Blood pressure: why it should be measured in both arms

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Right arm or left arm? Both of them. This is what your doctor (or pharmacist) should answer during your next blood pressure check.

A previous large British study, published in 2012, had already mentioned the link between a difference in blood pressure in the two arms and an increased risk of cardiovascular disease. He concluded that it was necessary to take the time to take two shots, one on each arm. A gesture that is far from being carried out in a systematic way by healthcare professionals.

However, there is much to be gained, according to researchers at the University of Exeter (UK). His new study confirms the interest of this double assessment. The team analyzed the relationship between blood pressure measurements in both arms of more than 50,000 patients (in 54 different studies) and their cardiovascular health status over ten years (stroke, heart attack, death, etc.). Their conclusions: A significant difference (more than 10 mmHg) in blood pressure between the two arms is a bad sign. This gap could be synonymous with arterial problems (narrowing, stiffness, etc.) and changes in blood circulation, which could explain this increased cardiovascular risk and death.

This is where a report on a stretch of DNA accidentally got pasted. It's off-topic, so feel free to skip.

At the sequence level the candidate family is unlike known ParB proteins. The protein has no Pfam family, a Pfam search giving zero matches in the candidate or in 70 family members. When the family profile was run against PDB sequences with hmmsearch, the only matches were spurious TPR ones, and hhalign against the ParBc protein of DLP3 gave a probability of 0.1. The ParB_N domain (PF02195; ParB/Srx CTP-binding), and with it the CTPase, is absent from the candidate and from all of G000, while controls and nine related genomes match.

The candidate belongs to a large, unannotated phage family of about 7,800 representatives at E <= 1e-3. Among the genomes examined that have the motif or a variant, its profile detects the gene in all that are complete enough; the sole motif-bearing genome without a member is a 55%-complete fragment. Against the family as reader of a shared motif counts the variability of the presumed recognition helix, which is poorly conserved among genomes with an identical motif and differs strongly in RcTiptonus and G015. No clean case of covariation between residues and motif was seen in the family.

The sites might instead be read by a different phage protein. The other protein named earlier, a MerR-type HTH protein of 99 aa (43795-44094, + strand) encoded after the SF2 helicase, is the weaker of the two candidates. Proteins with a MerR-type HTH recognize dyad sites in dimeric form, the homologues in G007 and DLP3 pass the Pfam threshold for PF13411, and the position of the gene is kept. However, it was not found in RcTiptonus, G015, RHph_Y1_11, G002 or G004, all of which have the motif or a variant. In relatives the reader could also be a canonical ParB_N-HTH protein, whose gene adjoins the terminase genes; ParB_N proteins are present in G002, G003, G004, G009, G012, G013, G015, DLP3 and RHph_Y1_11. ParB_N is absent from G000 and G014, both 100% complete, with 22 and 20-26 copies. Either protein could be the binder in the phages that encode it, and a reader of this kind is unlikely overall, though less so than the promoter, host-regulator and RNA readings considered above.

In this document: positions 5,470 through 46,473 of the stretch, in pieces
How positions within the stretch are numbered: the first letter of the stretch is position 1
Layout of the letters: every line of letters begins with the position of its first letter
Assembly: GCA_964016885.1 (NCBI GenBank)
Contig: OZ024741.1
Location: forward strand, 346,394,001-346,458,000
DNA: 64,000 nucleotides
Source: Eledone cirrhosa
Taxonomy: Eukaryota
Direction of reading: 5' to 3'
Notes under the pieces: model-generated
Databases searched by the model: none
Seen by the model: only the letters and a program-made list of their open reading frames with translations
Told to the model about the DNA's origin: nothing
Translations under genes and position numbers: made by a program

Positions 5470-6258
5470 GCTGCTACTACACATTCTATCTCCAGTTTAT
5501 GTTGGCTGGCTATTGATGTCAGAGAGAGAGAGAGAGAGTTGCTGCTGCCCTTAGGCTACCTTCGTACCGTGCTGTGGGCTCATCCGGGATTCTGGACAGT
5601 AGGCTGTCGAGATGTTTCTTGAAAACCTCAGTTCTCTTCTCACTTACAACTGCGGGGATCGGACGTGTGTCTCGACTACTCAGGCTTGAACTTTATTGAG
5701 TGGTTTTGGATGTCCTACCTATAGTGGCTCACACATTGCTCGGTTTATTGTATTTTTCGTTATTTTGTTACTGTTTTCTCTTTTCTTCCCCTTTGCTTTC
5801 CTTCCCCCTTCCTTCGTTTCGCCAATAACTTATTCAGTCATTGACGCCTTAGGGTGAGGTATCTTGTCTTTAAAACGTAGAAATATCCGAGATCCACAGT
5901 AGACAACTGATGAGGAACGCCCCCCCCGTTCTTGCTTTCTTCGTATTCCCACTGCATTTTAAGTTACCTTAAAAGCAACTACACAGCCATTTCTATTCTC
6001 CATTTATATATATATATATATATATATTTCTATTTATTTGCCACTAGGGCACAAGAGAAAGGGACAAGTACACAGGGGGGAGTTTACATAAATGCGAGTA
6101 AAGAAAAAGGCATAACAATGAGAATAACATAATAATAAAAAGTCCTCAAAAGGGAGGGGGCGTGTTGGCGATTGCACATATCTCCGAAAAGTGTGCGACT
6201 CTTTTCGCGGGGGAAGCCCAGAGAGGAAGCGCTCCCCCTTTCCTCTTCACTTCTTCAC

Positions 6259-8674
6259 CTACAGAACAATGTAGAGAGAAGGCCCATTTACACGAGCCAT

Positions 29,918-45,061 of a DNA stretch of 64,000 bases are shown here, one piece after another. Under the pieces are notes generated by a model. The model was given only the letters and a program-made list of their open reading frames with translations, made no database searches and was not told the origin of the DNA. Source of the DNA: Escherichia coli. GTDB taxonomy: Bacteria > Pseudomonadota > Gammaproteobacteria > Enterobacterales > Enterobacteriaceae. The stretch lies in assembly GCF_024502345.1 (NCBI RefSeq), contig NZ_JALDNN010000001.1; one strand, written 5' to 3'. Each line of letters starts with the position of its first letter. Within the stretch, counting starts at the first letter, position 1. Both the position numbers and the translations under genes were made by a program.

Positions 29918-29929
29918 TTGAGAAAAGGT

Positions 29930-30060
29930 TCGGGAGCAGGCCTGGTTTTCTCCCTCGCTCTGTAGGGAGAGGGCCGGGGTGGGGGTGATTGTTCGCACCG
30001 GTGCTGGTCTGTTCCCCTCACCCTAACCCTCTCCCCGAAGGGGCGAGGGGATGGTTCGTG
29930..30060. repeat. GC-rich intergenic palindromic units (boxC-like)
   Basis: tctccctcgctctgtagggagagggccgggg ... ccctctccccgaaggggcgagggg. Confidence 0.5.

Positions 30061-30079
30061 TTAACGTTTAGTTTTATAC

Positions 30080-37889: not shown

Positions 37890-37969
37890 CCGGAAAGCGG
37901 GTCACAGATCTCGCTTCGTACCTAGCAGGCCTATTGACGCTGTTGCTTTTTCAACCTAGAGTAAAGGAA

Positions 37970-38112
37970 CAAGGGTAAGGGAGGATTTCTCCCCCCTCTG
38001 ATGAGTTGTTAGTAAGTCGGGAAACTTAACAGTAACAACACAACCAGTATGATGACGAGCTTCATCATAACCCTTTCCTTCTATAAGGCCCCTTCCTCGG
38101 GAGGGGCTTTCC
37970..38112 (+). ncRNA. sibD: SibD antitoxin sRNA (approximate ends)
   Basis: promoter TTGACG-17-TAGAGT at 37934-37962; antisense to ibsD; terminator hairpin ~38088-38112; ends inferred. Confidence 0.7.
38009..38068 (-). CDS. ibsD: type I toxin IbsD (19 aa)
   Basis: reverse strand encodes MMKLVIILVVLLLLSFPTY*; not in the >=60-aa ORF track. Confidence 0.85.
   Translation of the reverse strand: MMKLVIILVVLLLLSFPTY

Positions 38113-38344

According to the authors, therefore, we must consider that a difference of 10 mmHg between the two arms already constitutes an "increased risk" (currently the institutions consider it rather from a difference of 15 mmHg). According to them, about 10% of people with high blood pressure fall into this category and therefore require even more careful monitoring.

Blood pressure measurement, a fast, inexpensive and non-invasive procedure, is essential for the early detection of hypertension (blood pressure greater than 140/90 mmHg measured in consultation and persistent over time) and to monitor the evolution of the blood pressure in an already hypertensive patient.

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